The Multihyphenated Author by Thomas Larson

niall fergusson

Thomas Larson writes about Niall Fergusson, shown above. (Picture courtesy NiallFergusson.com)

Scrolling through Yahoo’s online finance page, I stumble on this purple headline: “A U.S. Debt Crisis Is On Its Way.” The article is by the British economist and Harvard professor, Niall Ferguson. I have not read his books but have savored his analysis in the New York Review of Books and in a few podcasts. (In early 2011, Ferguson was picked by Tina Brown for a weekly column in the new Newsweek.) He’s a smart guy. His view, like that of Paul Krugman, I trust, though I also admire the gloom of this article’s title—I’ve been looking for such negativity of late to help me rationalize why I’m trying to get out of the stock market: post-bailout, mid-recession, pre-crisis, wherever-we-are.

I click on the link and up pops three short paragraphs, nestled in the middle of a page surrounded by marauding ads, typographically foxy: “Buffet’s Latest Pick.” “Buzz.” “Our Premium Membership.” To the left of the graphs and the graphics is a headshot of Ferguson, which suggests a video, perhaps of the same material, repackaged into a live or recorded interview.

I pause an instant. I’m not sure what to do. Read print? Watch video? How about both?

I scan the print story and see it’s a reporter’s summarizing of Ferguson’s views. So the moment yields the video. (I seem to trust my finger’s intelligence here more than my head’s.) I choose the video without realizing there’s a “why” for this relational muddle between me and what has been, until maybe five years ago, my standard and only means of communication—good old print—whose authority as a medium (back then) I seldom doubted.

I also understand it’s not the merits of the print article over the video interview that intrigues me. It’s the physicality of what the site presents. Reading the three paragraphs is unfulfilling because that’s all there is. I was hoping for more substance, twelve-hundred curdling words, as Frank Rich or Meghan Daum can do, and with panache. My morning online reading, if I find things worth reading, may go for twenty minutes, just as my hands-on newspaper reading used to. I realize that the graphs and other moving/blinking items are teasing me to watch the video or stray farther afield, into ad-land—where I won’t go. Like a supermarket shelf that holds the same but differently labeled and quantified packages of spaghetti, the page is packed: links, ads, posts, headlines, Yahoo’s busy banner, stock quotes, more options with little triangles (pull-down menus). How fast can a man scan? I haven’t even scrolled down.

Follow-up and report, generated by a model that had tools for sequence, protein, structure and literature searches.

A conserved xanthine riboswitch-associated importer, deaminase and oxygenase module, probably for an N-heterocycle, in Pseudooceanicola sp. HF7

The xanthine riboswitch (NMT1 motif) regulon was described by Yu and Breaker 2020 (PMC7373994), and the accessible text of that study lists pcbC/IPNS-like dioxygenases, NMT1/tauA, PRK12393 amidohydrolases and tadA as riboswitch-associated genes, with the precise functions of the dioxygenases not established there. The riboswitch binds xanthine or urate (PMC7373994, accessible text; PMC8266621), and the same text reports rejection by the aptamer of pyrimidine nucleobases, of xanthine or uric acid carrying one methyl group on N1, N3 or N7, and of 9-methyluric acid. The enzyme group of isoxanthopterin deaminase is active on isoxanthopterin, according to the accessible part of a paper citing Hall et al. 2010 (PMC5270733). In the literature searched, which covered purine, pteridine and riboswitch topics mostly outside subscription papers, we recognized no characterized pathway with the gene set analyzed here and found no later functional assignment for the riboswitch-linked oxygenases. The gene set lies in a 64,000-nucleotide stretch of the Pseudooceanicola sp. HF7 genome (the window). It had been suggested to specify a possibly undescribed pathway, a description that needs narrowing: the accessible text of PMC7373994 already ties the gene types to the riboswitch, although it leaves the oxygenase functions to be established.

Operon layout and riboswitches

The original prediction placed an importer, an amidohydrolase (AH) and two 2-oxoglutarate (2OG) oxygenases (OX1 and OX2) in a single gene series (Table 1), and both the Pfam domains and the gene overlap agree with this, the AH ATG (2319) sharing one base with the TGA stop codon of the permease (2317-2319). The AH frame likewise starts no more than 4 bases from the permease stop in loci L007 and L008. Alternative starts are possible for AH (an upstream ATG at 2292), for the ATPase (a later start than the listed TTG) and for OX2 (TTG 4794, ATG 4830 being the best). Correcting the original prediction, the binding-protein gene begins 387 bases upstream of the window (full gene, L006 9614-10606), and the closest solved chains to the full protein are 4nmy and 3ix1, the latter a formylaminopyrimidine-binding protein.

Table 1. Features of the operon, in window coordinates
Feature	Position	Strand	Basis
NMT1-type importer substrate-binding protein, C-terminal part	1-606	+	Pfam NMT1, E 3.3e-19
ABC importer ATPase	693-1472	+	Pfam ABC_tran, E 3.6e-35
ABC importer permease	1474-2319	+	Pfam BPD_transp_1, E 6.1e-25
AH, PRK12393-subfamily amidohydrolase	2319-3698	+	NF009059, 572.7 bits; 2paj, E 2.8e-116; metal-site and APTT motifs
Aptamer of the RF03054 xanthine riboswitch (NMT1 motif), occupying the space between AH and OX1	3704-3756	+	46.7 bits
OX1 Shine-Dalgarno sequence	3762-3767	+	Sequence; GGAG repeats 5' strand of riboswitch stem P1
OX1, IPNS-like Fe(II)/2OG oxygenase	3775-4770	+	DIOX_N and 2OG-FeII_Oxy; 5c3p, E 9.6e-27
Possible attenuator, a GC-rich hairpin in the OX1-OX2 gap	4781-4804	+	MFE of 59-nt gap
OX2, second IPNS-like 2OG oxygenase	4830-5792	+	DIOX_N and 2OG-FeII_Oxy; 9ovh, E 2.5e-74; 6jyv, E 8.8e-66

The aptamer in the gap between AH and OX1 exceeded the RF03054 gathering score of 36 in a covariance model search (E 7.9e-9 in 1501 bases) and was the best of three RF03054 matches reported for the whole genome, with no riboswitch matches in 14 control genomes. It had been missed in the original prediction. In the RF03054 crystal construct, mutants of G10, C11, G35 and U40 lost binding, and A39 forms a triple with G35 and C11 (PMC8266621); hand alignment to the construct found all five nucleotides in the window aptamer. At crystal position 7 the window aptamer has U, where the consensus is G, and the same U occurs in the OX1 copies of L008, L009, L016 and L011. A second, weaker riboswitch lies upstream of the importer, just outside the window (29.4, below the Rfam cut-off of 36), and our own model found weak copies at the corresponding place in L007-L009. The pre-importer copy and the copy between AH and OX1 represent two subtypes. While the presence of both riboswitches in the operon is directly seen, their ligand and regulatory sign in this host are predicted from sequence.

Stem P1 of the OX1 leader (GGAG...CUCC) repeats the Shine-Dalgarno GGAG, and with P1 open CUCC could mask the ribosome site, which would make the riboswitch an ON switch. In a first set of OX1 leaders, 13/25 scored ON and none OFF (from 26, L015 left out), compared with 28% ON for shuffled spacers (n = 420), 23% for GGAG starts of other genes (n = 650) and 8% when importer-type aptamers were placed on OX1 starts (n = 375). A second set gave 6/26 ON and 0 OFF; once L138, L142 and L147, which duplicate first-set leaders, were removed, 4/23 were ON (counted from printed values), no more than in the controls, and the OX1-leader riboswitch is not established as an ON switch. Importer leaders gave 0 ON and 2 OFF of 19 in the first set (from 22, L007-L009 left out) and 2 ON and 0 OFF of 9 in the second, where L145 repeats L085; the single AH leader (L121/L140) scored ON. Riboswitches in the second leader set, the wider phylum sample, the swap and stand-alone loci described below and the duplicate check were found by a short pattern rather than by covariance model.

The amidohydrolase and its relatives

In the moment, I realize one message: They (yes, they) are providing many print/picture/color choices so that I won’t read. They prefer I watch. Which is the same as saying, they prefer to hold me here. (Where did I read that on average a person spends from nineteen to twenty-seven seconds on a Web page before he’s out of there?) Maybe I’ll tap an ad link, which means a micro-payment clinks in some global piggy-bank. Should I delve further into why they don’t want me to read but would rather have me noodle about? I know why: with my attending the online service this long, they’ve beaten the odds and snagged me.

I click on “Tech│Ticker.” Its guest host is Joel Weisenthal, who begins interviewing Ferguson while the cover of Ferguson’s book, High Financier: The Lives and Time of Siegmund Warburg, comes on screen. Our nerdy examiner opens with a question/comment about America’s massive debt. “Are we doomed?” he asks. Ferguson says, “Doomed might be putting it a bit strongly except in so far as we’re all ultimately doomed”—which I like right away; he’s got existential chutzpah—and right off, I note the tilt of his head, this way and that, his eyes squinting under the studio glare. Behind him is a backdrop of the British Parliament. (Either he’s in England or he’s in virtual England.) The man is handsome. Irish. Harvard. Professor of History. He has hair. Even better, it’s a tad tousled. A faintly bearded face, just overnight growth, meaning he’s rushed in early. Ferguson seems the perfect age, neither old nor young, a fact I pause the video for and quick-check at Wikipedia. He’s forty-seven and multihyphenated: teaches, writes, edits, lectures, is regularly interviewed on American business TV, produces documentaries based on his writing, advises presidential candidates (John McCain in 2008), consults for the hedge fund GLG Partners, and (on weekends, I guess) devotes himself to writing Henry Kissinger’s official biography, having been hand-picked by Richard Nixon’s last friend. Lest we forget, he’s also earned a degree from Oxford. With glamour and gravitas, Ferguson is neither a dallier nor a pedant, the latter, the economist’s albatross. In short, he’s got authorial grace and scholarly verve.